Please don't mistake this advice as anti-thrift rhetoric. I'm still a cheap-ticket loving guy. But keep your expectations in check, don't expect five star service at rock-bottom prices. After all, you get what you pay for.


love this, was talking about something similar yesterday with a friend here in Beirut.

I would much rather pay for comfort and convenience than have to deal with uncertainty and lack of reliability, esp. in regards to airports and layovers. Unlike you ;) I don't mind Dulles too much and will experience DeGaulle for the first time this summer when I layover there on my visit back to the States (though I did allow for a generous layover based on my notions of what the experience could be like). I do detest Milan and won't fly through there if I can help it.

In the big scheme of things I look at even a $100 or $200 ticket increase a fair exchange for the convenience and peace of mind that I am traveling well, a sort of insurance. One thing that you might make note of is baggage policies and charges that airlines have, esp. if you're using multiple airlines or going through different countries, such as traveling through the UK. A cheap ticket on one airline could turn out to be a more significant cost and headache once you realize the associated baggage costs. When booking a flight from Beirut to DC this summer it ended up being cheaper and more convenient to purchase a more expensive ticket upfront as the baggage costs and limitations for other flights were insane and almost raised the cheaper ticket to the fare of the more convenient one.

Sorry, just my opinion :)

Yes, yes, yes! I couldn't agree more with all of these. I like to fly cheap, but there are other things that are just as important to me when I fly, and you've nailed them all here. Redeye flights are usually cheaper, but I can't sleep on airplanes, and I hate arriving at my destination exhausted, so I know I just need to pay more to fly during the day.

I think you are bang on. The laws of market economics are pertinent here. If the market consistently demands the cheapest fares, then the market will consistently return a bare-bones product. Sometimes it's worth paying a little more. Check out for comparison of seat size and entertainment systems, for example.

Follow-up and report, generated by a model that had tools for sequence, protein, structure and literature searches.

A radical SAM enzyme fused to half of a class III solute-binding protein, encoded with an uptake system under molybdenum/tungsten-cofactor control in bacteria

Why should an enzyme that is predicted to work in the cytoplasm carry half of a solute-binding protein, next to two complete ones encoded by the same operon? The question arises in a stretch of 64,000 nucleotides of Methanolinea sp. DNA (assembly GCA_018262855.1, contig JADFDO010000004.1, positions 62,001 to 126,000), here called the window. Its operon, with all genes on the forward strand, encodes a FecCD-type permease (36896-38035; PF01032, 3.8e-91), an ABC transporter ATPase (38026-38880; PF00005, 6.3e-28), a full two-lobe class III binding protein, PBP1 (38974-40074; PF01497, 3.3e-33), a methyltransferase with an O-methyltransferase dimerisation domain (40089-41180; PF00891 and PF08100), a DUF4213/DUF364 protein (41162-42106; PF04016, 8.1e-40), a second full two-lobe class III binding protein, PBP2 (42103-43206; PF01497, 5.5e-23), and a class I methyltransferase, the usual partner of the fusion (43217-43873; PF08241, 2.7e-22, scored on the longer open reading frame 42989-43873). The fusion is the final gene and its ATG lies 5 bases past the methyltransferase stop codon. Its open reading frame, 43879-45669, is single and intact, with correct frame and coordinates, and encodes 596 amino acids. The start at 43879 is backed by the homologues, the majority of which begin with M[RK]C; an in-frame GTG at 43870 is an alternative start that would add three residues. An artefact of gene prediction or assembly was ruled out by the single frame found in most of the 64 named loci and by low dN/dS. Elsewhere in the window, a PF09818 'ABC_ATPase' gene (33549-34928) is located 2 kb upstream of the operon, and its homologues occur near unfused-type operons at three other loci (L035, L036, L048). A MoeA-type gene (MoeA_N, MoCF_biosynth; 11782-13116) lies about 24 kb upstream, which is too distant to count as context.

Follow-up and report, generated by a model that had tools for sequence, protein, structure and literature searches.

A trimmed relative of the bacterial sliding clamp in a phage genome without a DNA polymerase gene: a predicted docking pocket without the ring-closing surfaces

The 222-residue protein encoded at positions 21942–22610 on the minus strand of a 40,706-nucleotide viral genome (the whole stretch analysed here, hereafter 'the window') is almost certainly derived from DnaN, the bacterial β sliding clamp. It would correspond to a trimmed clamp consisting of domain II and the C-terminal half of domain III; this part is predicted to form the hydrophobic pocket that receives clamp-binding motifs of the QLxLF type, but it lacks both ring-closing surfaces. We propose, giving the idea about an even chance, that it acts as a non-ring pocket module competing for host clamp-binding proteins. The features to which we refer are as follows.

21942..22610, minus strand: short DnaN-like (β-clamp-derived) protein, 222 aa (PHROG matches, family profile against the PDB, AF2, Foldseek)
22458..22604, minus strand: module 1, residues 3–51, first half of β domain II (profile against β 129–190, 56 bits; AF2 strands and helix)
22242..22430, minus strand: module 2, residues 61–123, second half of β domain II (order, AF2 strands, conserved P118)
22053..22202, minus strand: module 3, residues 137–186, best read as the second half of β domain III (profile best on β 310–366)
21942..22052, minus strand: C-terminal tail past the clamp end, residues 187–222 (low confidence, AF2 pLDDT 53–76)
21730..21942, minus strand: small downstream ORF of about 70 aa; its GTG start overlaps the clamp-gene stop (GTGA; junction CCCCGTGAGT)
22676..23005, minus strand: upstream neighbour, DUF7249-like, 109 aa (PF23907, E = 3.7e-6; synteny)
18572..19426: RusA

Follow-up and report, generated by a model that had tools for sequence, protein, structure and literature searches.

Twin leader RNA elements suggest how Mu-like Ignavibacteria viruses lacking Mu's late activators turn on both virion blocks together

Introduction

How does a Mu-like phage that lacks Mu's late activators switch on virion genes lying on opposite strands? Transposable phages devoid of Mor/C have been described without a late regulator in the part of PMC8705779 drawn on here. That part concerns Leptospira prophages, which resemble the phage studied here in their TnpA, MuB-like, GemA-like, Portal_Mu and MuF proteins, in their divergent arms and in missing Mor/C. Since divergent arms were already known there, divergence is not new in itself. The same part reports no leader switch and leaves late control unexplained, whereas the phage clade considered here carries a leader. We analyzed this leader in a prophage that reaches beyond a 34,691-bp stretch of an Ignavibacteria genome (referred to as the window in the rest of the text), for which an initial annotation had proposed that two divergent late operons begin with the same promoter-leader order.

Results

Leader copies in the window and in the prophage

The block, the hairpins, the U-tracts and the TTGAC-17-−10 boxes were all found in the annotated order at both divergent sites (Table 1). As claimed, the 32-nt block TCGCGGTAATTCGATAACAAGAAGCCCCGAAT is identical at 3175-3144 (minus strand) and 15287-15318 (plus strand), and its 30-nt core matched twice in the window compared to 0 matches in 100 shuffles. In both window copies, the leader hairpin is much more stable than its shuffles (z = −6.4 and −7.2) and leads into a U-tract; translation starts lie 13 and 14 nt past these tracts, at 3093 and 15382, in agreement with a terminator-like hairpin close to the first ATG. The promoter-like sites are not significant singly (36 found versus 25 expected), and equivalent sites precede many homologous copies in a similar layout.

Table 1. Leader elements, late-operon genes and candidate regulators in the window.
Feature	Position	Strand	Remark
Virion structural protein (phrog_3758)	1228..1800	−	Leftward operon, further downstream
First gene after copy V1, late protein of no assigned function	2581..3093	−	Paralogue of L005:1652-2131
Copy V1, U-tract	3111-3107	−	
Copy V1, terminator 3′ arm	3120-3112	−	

Love this article. Only thing I would add is you also avoid hidden fees and costs. There has been such a race to the bottom in airline pricing that it´s been to all of our detriment. I typically the low-cost guys for all of the reasons you mention above. Great article!

Great post Austin! After being delayed more than 20 hours then getting on a plane with broken tv (yep the old school ones that come down from the plane roof), horrendous food and poor service, I turned to Tom and said, "You know for an extra $100 or $200 this 11 HOUR flight might have been better." I just hope we have the option to choose our airlines as usually our flights purchases are directed by cost.

If you are wondering which airline we took it was Aerolineas Argentinas...and, we will do out best not to take it again!

GREAT observations! A couple that I'd add:

If you have to make a connection, be sure to pay attention to how much ground time you have and whether or not you can logistically make the connection. It doesn't save any money (let alone time), if you have a 33 minute connection, to that one flight per day to your destination, and you miss it and have to overnight.

And don't overlook business class or potential upgrades. I flew business to Italy last summer, and when I did the cost/benefit analysis, it was completely worth the cost of the upgrade. I took a red eye, slept beautifully on my lay flat seat/bed, and didn't lose a day in the travel process. It won't work every time, but it's worth checking on.

Excellent points. I travel a lot and everything you mentioned is spot on especially avoiding connections and layovers. It's just not worth it to turn a 2 hour flight into a 5 hour epic adventure. I still search for cheap flights but will pay extra to avoid carryovers and switching planes.